More than five years ago, I boarded a shuttle bus from the Pentagon to Capitol Hill for the first of many briefings to congressional staffers on the Army’s plan to consolidate its cyber institutions at Fort Gordon in Augusta, Georgia. Most staffers were polite, professional, and interested in understanding the rationale of creating an operational command, with the needed intelligence support of National Security Agency - Georgia, and the training arm of a center of excellence. One or two were noticeably concerned over the impact of job losses in their boss’ district. Nearly all made a cute comment about the sensibility in creating a cyber hub around “pokey” Augusta, Georgia.
After several rounds of briefings including generals from U.S. Cyber Command and Army Cyber Command and a phone call from the Chief of Staff of the Army (CSA) to a senior senator, Congress accepted the Army’s plan in December 2013. Within a few months, the chief also stated the Army would be a leader in cyber as it assumed additional roles in training the cyber mission force. Since then, the U.S. Army has fully invested in making Fort Gordon, Georgia its cyber home. Meanwhile, some inside and outside of the Army still question the decision and the Army’s ability to lead innovate in cyber because of the decision.
The U.S. Army and Augusta are well on the way to validating the decision.
The Army was the only service to invest additional personnel authorizations in establishing a Joint Force Headquarters Cyber, a move that has enabled it to be most capable in providing cyberspace operations in support of combatant commands. Despite starting slowly, the Army was the first service to have all of its cyber mission force teams meet full operational capability. Based on the former CSA’s guidance, the Army assumed responsibility for vital roles as the executive agent for the cyber training range and acquisition authority for the persistent cyber training environment. Collectively, the Army has become a leader in cyberspace operations and training. To top it off, the Army has heavily invested in improving the Fort Gordon infrastructure with new facilities for the Army Cyber Command and moving the Cyber Center of Excellence renovations and builds to its top priorities.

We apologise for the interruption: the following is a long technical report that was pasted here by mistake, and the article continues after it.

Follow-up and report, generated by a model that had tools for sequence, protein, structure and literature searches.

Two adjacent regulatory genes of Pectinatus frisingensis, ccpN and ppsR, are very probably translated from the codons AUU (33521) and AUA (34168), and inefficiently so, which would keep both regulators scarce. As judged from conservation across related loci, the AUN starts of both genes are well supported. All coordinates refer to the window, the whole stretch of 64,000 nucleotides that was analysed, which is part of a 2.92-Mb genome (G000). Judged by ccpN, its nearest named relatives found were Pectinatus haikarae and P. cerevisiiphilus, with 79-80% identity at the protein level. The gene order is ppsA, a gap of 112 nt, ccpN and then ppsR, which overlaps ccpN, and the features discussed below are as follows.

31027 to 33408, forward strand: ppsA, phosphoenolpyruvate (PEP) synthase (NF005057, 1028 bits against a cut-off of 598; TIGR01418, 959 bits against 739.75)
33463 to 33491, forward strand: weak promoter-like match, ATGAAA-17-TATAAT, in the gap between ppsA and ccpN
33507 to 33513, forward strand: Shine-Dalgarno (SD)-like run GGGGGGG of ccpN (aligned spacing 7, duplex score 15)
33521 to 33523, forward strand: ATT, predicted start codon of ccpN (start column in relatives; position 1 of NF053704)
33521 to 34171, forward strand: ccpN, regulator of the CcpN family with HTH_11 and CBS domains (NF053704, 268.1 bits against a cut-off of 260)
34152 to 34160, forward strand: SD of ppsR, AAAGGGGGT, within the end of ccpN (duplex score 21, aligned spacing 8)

Partnerships are essential to success in cyberspace operations. Trust is essential to a healthy partnership. The Army needed a trusted partner and has one in the city of Augusta. The Army, the State of Georgia and city of Augusta are cooperating to make Augusta a cyber hub. Yes, “pokey” Augusta, Georgia is poised to be a leader in cyber innovation.
Georgia Gov. Nathan Deal established the $100 million Georgia Cyber Center in Augusta with a state-of-the-art cyber range and the Georgia Bureau of investigation crime unit. Meanwhile, the city of Augusta has developed its cyber workforce partly through education and partly, frankly, through former government employees leaving their positions to work for local businesses. Army Cyber Command and the university system of Georgia are cooperating on filling 11,000 cyber jobs statewide. Meanwhile, the Augusta University School of Computer and Cyber Sciences received a grant to develop three of the ten courses for the National Security Agency’s Cybersecurity Core Curriculum Development program. Everything is going Augusta’s way to be a cyber innovation leader.
Still, Augusta has its detractors especially those who believe everything cyber needs to be collocated in Silicon Valley. Given how cyber and telecommunication capability close the tyranny of distance, the notion that everything cyber has to be consolidated in one geographic location or innovators only like certain type of weather is right out of the Industrial Age. Augusta won’t replace Silicon Valley as the cyber innovation leader and doesn’t need to replace that or any other area. Just as Israel moved its cyber center from Tel Aviv to Be'er Sheva, so can the Army move its cyber center to Augusta. With all of the job shortages in cyber and the multitude of innovation areas, opportunities abound for Augusta to find its niche.
For instance, wherever there are soldiers, there is operational innovation. It is what soldiers do. Given its proximity to Fort Gordon’s cyber operational and intelligence centers, Augusta could partner with the Army and a commercial cyber intelligence provider to develop cyber security tactics, techniques, procedures, and possibly tools. Or, given its cyber range and the Army’s role in cyber training ranges, Augusta could become a leader in cyber training. Surely, local Augustans and its eager investment community have their own great ideas as well.
As mentioned previously, partnerships are essential to success in cyberspace operations. The CSA’s guidance to the Army was to be “a” leader in cyber. Augusta can be “a” leader in cyber. Neither have to be “the” leader in cyber because the space is too large and too diverse to have one leader. Together, the Army and Augusta will be great partners to lead cyber innovation in the areas they choose together.
Carm Cicalese is a retired Army colonel who served 29 years on active duty, including the last four years as the U.S. Army Cyberspace and Information Operations Division Chief for the Army Staff.